German Mastiff / Great Dane
The Great Dane is one of the best known dog breeds in the world, in addition to being one of the tallest. Despite the breed’s name, it was developed in Germany, not Denmark. Originally bred to hunt boar and wolves, the Great Dane is now much better known as a loving family companion. Due to the breed’s massive size and often comical nature, the Great Dane regularly appears in film, television, and print. There is perhaps no breed with as many names as the Great Dane, which is also known as the Danische Dogge, Danish Mastiff, Grand Danois, Dane, Deutsche Dogge, Dogge, German Mastiff, Doggen, German Dog, Dogue Allemand, Boarhound, Boarhund, German Boar Dog, German Boar Mastiff, Gentle Giant, Marmaduke Dog, Scooby Dog, and the Apollo of Dogs.
The Great Dane was developed many centuries before written records were kept of dog breeding. As a result, virtually nothing is known for sure about its ancestry. Many have attempted to fill in this knowledge gap with speculation and wild guessing, but most of what his said has little to no basis in fact. There are a number of theories with a solid basis in reality, and a few facts are indisputably clear. The Great Dane was definitely developed in Germany at least several hundred, and perhaps several thousand, years ago. The breed is almost certainly a member of the Molosser family, also known as the Mastiffs, Dogues, and Alaunts. Although each breed is different, these breeds are characterized by large size, great power, brachycephalic (pushed-in) faces, a strong protective instinct, and a Western European ancestry.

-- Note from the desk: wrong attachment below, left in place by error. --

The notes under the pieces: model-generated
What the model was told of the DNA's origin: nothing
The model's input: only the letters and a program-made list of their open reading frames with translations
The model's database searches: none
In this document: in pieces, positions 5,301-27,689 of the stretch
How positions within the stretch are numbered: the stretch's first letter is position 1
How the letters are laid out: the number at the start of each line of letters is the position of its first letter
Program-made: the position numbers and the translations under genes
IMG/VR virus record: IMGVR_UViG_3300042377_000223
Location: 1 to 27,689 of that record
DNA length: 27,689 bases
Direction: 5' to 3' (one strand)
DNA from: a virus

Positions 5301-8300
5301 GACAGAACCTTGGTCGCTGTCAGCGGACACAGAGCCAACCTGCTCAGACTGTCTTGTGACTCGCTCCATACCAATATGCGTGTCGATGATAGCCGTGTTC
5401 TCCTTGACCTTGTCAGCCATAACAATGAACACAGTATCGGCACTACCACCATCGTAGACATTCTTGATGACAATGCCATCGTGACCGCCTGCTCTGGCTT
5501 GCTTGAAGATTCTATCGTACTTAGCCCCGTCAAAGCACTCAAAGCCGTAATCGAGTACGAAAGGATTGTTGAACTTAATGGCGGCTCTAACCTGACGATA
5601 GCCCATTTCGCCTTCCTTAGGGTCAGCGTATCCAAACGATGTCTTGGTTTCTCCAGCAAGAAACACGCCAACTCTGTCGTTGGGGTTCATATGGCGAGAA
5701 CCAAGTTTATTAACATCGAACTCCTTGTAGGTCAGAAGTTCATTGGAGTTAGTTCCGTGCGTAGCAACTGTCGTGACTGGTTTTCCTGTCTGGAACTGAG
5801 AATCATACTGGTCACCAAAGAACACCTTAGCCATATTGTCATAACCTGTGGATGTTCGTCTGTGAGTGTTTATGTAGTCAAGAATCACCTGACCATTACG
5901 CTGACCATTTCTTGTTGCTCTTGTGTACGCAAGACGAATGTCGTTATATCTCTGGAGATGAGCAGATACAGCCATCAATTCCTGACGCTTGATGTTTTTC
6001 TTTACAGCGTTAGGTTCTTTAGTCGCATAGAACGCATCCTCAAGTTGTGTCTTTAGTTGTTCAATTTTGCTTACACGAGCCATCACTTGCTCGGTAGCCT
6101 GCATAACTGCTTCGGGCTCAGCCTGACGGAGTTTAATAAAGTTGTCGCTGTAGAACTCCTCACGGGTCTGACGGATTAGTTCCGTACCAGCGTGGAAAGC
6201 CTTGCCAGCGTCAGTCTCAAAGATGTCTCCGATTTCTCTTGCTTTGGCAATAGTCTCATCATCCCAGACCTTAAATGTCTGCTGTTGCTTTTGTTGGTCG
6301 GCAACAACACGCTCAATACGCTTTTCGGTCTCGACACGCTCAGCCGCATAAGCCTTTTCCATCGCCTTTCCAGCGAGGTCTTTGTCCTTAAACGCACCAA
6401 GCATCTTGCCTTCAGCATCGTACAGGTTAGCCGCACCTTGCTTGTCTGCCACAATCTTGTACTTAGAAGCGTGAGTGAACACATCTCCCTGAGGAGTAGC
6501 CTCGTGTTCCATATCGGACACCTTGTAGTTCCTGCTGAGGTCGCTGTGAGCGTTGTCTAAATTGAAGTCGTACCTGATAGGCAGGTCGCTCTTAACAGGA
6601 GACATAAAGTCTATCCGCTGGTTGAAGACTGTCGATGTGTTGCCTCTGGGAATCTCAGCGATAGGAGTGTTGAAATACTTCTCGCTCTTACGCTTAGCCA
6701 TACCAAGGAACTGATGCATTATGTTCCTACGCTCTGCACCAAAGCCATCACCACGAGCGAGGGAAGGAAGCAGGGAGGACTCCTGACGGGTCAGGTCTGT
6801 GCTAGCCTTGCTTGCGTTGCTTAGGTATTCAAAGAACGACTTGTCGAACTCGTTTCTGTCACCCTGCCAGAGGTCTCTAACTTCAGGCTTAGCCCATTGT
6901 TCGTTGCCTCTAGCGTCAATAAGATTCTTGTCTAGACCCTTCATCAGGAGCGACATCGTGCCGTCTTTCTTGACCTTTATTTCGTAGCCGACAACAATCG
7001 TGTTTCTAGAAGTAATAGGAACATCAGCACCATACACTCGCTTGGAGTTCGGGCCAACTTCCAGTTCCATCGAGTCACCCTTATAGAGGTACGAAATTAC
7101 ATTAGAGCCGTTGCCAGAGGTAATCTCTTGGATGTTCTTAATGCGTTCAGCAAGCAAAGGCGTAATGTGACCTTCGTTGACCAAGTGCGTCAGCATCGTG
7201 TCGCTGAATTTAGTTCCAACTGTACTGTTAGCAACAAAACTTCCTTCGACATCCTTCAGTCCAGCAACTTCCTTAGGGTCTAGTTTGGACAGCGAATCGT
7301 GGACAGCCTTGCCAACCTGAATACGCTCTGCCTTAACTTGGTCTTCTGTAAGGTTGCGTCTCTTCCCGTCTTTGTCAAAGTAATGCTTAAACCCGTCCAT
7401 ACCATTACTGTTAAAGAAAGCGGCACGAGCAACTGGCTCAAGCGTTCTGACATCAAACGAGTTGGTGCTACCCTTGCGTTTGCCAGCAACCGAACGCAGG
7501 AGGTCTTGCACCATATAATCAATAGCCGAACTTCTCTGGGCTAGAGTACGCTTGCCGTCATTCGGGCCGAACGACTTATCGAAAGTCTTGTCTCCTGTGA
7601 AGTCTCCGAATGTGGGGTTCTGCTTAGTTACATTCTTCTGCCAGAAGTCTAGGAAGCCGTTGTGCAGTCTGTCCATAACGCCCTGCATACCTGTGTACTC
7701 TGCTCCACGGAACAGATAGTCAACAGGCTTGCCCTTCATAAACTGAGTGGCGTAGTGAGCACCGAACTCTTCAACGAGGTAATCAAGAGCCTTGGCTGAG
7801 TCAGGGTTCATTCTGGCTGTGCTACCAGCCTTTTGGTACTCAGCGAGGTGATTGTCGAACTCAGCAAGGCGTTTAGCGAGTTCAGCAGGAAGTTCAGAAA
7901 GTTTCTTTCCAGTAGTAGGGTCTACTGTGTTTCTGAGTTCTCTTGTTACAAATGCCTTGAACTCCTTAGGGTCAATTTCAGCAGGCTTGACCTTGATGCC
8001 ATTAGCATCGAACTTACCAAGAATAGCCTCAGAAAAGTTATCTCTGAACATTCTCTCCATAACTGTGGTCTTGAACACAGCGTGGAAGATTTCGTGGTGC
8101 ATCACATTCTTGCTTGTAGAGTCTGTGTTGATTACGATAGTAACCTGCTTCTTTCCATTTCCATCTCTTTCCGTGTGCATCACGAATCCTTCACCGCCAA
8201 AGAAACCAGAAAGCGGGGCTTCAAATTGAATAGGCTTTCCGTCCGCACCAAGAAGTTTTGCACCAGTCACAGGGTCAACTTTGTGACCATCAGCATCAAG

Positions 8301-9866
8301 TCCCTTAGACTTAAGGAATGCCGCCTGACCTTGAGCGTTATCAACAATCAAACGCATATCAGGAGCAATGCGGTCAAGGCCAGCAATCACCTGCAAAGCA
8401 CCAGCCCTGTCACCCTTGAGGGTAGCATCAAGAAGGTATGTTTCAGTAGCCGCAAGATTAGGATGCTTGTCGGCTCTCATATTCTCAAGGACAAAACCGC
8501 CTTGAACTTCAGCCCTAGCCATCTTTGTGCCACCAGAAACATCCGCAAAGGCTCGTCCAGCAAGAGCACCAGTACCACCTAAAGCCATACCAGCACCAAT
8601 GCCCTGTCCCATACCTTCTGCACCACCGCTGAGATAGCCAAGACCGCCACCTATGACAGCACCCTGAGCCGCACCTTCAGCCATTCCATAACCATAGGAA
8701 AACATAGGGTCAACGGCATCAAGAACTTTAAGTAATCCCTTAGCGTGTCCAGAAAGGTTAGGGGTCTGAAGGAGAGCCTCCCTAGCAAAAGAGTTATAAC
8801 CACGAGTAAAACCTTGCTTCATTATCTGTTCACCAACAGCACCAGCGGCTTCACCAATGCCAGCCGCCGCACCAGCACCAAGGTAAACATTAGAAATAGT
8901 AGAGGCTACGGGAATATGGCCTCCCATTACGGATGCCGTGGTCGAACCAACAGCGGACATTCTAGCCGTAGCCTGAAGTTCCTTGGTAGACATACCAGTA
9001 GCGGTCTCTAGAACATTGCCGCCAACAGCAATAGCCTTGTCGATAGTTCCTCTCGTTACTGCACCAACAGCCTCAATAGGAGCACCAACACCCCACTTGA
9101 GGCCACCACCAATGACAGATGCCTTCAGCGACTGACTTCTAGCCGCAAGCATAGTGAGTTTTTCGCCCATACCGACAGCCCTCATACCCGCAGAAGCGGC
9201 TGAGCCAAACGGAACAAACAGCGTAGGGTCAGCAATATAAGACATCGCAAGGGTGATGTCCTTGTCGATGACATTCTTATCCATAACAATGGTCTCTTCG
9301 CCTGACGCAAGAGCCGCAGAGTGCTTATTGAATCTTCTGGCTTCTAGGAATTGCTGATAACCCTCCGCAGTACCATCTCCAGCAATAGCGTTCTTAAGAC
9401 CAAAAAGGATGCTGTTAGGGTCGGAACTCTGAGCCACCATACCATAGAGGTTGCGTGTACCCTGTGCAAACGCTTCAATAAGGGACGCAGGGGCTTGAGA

The Great Dane is perhaps the most visually impressive of all dog breeds with its immense size, athletic appearance, often beautiful coat, regal bearing, and gentle eyes. This dog is often so finely chiseled that it has been nicknamed the Apollo of Dogs. The Great Dane is one of the world’s tallest dog breeds. Although its average height is slightly less than the average height of a few other breeds such as the Irish Wolfhound, the last several individual record holders for world’s tallest dog have all been Great Danes. The average male Great Dane stands between 30 and 36 inches tall at the shoulder, but several have exceeded 40 inches. The slightly smaller females typically stand between 28 and 34 inches tall at the shoulder. The weight of the Great Dane is tremendously influenced by the height, build, and condition of the individual dog, but generally ranges from 100 to 200 pounds (it is far from unheard of for this breed to top 300). Despite its great size, the Great Dane is not an exceptionally heavily-built dog. The ideal Great Dane should be the perfect balance between power and athleticism, and this breed has plenty of both. Although now primarily a companion, the Great Dane should maintain the appearance of a working dog, and this breed is often incredibly muscular and fit. The Great Dane is a generally squarely proportioned dog but may be slightly longer than it is tall. The legs of this breed should be long and sturdily built, and are very comparable to small trees. The tail of the Great Dane is of average length for a dog of this size, and should always be held straight down when the dog is at rest.